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I am changing plugs next weekend and thought I might as well do this also. (about 140,000 miles). I keep seeing a power steering filter on the parts list but no one ever talks about replacing it. Thanks
This is not a maintenance part. You change it when you get a leak. The leak usually comes out of the crimped ends of the hose. I think clamping that hose will be better than having it crimped when assembled. That way you can just change the hose/rubber part not the entire assembly which seems to be in good condition upon my inspection when I changed my pressure line.

No filter or a need for it. Furthermore, the 03-04 MOs had issues with a "weak" PS pump. During parking speed a sudden harder steering occurs when doing full turns -much like having no ps at all - so they changed pumps on the 05 and up. Adding a filter can exacerbate the issue. Good luck.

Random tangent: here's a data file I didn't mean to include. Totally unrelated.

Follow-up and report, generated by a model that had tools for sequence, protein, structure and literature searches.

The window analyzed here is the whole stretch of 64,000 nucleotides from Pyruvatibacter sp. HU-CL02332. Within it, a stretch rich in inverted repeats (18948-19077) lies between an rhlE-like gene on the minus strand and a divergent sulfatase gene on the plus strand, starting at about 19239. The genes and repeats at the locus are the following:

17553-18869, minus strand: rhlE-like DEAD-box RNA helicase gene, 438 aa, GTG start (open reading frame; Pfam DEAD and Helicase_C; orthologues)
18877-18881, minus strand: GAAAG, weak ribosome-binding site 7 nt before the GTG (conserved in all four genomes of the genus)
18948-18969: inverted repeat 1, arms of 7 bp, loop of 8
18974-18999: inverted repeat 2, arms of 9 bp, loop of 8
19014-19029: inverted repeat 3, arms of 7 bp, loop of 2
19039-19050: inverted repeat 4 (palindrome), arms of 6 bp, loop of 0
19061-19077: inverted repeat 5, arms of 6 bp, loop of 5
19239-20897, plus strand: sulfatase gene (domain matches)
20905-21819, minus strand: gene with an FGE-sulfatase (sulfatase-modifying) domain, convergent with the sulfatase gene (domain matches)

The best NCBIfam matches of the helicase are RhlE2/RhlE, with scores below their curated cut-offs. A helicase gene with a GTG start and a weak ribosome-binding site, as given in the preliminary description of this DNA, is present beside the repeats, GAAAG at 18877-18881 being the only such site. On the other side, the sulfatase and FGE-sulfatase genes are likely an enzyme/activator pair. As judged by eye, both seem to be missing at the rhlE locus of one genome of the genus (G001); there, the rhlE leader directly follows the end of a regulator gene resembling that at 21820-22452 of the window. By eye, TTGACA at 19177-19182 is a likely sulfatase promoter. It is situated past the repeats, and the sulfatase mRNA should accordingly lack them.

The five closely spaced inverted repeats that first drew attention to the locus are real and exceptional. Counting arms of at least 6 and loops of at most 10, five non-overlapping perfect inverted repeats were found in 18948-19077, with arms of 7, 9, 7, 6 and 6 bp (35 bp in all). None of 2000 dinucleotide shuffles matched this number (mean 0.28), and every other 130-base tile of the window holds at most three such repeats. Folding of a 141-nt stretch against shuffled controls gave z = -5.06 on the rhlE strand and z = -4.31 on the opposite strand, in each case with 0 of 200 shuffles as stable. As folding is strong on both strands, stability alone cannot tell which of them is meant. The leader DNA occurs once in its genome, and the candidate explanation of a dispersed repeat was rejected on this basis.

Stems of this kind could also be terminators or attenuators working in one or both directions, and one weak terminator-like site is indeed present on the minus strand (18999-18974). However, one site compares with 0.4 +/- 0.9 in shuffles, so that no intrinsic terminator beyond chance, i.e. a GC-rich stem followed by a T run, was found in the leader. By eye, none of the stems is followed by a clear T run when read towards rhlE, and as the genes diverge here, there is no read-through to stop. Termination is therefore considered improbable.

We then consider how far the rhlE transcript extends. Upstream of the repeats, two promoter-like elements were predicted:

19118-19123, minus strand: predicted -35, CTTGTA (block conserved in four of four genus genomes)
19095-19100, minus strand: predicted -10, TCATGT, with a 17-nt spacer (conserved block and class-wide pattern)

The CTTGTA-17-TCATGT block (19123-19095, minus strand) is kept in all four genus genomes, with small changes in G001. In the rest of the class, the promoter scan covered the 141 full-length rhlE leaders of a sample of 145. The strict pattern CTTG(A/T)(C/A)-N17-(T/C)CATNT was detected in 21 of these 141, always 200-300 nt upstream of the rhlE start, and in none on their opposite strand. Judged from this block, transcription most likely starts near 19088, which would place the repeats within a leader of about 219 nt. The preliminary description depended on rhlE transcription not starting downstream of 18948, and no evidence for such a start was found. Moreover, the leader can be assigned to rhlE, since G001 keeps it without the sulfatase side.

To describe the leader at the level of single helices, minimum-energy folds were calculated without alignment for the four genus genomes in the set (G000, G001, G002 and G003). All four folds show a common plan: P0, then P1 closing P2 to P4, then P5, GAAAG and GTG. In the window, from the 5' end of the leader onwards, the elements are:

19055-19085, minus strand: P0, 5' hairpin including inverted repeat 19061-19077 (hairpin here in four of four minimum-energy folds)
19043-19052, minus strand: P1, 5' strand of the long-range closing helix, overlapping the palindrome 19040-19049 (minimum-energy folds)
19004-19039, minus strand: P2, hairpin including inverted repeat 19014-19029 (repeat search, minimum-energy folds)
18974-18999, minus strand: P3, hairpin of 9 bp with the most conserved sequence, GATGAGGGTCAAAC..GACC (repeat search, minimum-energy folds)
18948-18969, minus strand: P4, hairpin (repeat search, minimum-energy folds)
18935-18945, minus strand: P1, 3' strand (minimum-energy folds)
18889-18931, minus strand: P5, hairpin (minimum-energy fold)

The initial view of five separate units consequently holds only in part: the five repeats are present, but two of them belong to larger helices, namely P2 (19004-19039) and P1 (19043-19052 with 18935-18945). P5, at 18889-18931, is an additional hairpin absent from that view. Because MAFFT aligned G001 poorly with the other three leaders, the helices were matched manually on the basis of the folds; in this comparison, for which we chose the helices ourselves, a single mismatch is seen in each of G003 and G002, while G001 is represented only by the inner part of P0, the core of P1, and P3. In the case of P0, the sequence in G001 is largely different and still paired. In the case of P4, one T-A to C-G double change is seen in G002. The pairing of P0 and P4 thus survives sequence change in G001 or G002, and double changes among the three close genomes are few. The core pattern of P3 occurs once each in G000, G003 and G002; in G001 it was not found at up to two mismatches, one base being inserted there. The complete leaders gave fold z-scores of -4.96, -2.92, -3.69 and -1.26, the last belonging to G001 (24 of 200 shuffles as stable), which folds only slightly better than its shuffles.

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Discussion Starter #11
I've seen those before but you really don't need them unless you're opening/closing your revisour a lot. If you have junk in your system that needs to be filtered out, it's time to get it flushed out. Little particulates in your PS system will only wear out things and cause it to fail. I've seen screens on the top of the resivour before that is used to keep junk out when you pour in fluid. Also used if you have one of those caps that don't fit very tight.
 

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Thanks WarHammer for this great write up. I replaced the PS hose on my 2WD Mo today. Your thread helped a lot.
 

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Reading through your thread again I realized that I Installed the rack connection first and then the banjo bolt connection second. I guess this is why I had such a hard time getting the bolt in.